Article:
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The dollar is gaining ground against all of its major rivals Monday afternoon. The lack of U.S. economic data kept some investors on the sidelines at the start of the week, but some hawkish comments from New York Fed President William Dudley has sparked a rise in the dollar.

Dudley said that inflation is little lower than the Fed's target but it would rise along with a pickup in wage growth, enabling the central bank to continue the tightening cycle.

"We are pretty close to full employment. Inflation is a little lower than what we would like, but we think that if the labor market continues to tighten, wages will gradually pick up and with that, inflation will gradually get back to 2 percent," Dudley said at a speech to chamber of commerce in Plattsburg, New York.

French President Emmanuel Macron's party won a clear parliamentary majority in Sunday's election, giving him a strong mandate in parliament to pursue his pro-European Union, business-friendly reform plans.

The dollar has climbed to around $1.1145 against the Euro Monday afternoon, from an early low of $1.1212.

Eurozone construction output recovered in April after declining in March, data from Eurostat showed Monday. Construction output rose 0.3 percent month-on-month in April, reversing a 1.1 percent fall in March.

The job vacancy rate in the euro area increased in the first quarter, figures from Eurostat showed Monday. The job vacancy rate rose to 1.9 percent in the first quarter from 1.7 percent in the previous period.

Brexit negotiations are set to begin today, after Britain bowed to pressure for a formal opening to their long-awaited negotiations rather than first holding technical talks between civil servants. U.K. Brexit Secretary David Davis, along with others will begin talks with the Chief EU negotiator Michael Barnier in Brussels to discuss Britain's exit from the European Union.

The buck has advanced to around $1.2730 against the pound sterling this afternoon, from an early low of $1.2814.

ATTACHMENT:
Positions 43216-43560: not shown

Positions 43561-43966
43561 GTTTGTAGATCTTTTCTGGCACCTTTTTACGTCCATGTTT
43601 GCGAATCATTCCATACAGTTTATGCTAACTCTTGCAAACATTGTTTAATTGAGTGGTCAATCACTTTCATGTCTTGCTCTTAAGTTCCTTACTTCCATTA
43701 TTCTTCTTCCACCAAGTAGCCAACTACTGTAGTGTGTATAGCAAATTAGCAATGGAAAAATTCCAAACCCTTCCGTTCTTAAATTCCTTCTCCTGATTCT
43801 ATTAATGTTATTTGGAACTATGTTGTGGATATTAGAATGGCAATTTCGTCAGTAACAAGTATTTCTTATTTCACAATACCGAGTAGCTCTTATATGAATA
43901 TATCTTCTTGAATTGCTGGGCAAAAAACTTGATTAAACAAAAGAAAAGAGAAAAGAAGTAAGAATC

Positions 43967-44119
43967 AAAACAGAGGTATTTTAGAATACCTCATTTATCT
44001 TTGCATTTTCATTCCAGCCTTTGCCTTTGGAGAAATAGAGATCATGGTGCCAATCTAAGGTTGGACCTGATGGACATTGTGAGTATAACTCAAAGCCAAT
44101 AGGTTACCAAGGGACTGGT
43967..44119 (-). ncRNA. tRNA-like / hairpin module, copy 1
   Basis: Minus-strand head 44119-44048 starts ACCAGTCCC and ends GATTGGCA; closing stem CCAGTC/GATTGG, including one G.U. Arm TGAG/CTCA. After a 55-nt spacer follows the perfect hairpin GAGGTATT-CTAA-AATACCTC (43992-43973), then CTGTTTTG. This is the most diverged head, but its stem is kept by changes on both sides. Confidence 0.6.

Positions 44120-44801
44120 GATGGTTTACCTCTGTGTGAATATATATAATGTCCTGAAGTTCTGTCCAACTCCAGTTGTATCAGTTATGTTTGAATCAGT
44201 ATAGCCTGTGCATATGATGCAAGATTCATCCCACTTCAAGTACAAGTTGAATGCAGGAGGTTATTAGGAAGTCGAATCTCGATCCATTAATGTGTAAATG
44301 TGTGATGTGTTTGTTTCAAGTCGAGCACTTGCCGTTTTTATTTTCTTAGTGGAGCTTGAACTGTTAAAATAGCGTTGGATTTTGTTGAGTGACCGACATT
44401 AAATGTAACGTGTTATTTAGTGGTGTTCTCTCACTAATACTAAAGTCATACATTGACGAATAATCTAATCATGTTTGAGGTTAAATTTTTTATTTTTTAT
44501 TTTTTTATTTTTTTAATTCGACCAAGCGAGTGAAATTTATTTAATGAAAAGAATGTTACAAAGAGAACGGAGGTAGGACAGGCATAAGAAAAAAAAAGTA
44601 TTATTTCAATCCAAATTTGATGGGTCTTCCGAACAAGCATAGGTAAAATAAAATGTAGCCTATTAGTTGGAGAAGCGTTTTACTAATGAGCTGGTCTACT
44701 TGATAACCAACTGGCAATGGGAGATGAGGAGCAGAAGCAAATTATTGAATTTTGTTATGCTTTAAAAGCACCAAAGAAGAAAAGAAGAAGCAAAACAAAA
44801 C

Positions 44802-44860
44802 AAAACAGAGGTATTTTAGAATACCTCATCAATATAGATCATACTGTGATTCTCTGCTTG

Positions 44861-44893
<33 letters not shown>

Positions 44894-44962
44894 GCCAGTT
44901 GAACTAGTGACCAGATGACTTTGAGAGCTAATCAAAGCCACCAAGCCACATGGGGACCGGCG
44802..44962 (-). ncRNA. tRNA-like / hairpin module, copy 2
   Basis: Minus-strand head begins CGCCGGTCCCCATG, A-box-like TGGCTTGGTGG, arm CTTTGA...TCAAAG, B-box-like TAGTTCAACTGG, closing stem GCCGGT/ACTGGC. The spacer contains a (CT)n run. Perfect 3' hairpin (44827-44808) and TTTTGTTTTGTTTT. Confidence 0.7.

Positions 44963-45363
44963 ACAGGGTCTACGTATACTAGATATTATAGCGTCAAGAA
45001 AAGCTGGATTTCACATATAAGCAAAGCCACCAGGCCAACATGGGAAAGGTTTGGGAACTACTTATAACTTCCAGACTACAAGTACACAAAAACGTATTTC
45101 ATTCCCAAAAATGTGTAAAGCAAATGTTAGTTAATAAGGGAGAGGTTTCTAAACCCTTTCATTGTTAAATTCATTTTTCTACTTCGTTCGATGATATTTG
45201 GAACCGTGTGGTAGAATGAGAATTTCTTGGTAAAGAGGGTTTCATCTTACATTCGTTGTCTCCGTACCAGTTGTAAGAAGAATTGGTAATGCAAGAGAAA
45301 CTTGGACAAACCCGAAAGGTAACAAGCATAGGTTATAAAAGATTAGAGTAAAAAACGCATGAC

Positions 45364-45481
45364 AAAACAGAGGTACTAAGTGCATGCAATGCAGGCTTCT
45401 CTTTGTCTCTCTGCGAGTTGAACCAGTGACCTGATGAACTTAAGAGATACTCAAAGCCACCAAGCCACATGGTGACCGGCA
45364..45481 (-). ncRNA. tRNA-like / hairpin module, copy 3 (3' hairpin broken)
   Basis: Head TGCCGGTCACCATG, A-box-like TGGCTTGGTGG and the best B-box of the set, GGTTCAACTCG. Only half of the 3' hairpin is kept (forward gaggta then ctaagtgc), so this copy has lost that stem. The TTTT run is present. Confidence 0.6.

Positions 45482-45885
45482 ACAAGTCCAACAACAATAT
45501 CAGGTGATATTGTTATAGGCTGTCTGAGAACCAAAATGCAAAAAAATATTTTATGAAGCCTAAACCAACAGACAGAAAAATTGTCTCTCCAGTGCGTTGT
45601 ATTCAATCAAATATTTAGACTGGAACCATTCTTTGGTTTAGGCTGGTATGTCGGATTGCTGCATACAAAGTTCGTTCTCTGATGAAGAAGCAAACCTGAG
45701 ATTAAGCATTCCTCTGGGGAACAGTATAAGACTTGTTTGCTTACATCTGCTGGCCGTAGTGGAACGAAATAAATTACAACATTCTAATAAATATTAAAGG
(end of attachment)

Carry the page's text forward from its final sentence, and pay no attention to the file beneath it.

British households' finance outlook worsened further in June and their financial pressures remained sharp on higher living costs, results of a survey by IHS Markit and financial information provider Ipsos Mori revealed Monday. The seasonally adjusted Household Finance Index, or HFI, rose to 43.8 in June from 42.6 in May.

The average asking price for a house in the United Kingdom was down 0.4 percent on month in June, property tracking website Rightmove said on Monday, coming in at 316,109 pounds. That follows the 1.2 percent increase in May.

The International Monetary Fund advised Japan to continue fiscal stimulus as growth is likely to weaken in 2018.

The lender cautioned that the expiration of fiscal support in 2018 under current policies together with a smaller expansion in foreign demand would reduce growth to less than half of that in 2017.

Without additional spending, the fiscal stance could become contractionary in 2018-20 due also to the scheduled consumption tax hike in October 2019, IMF staff said concluding the Article IV consultation.

The greenback has broken out to a 2-week high of Y111.490 against the Japanese Yen this afternoon, from a low of Y110.907 this morning.

Japan posted a merchandise trade deficit of 203.367 billion yen in May, the Ministry of Finance said on Monday. That missed forecasts for a surplus of 43.3 billion yen following the 481.1 billion yen surplus in April.

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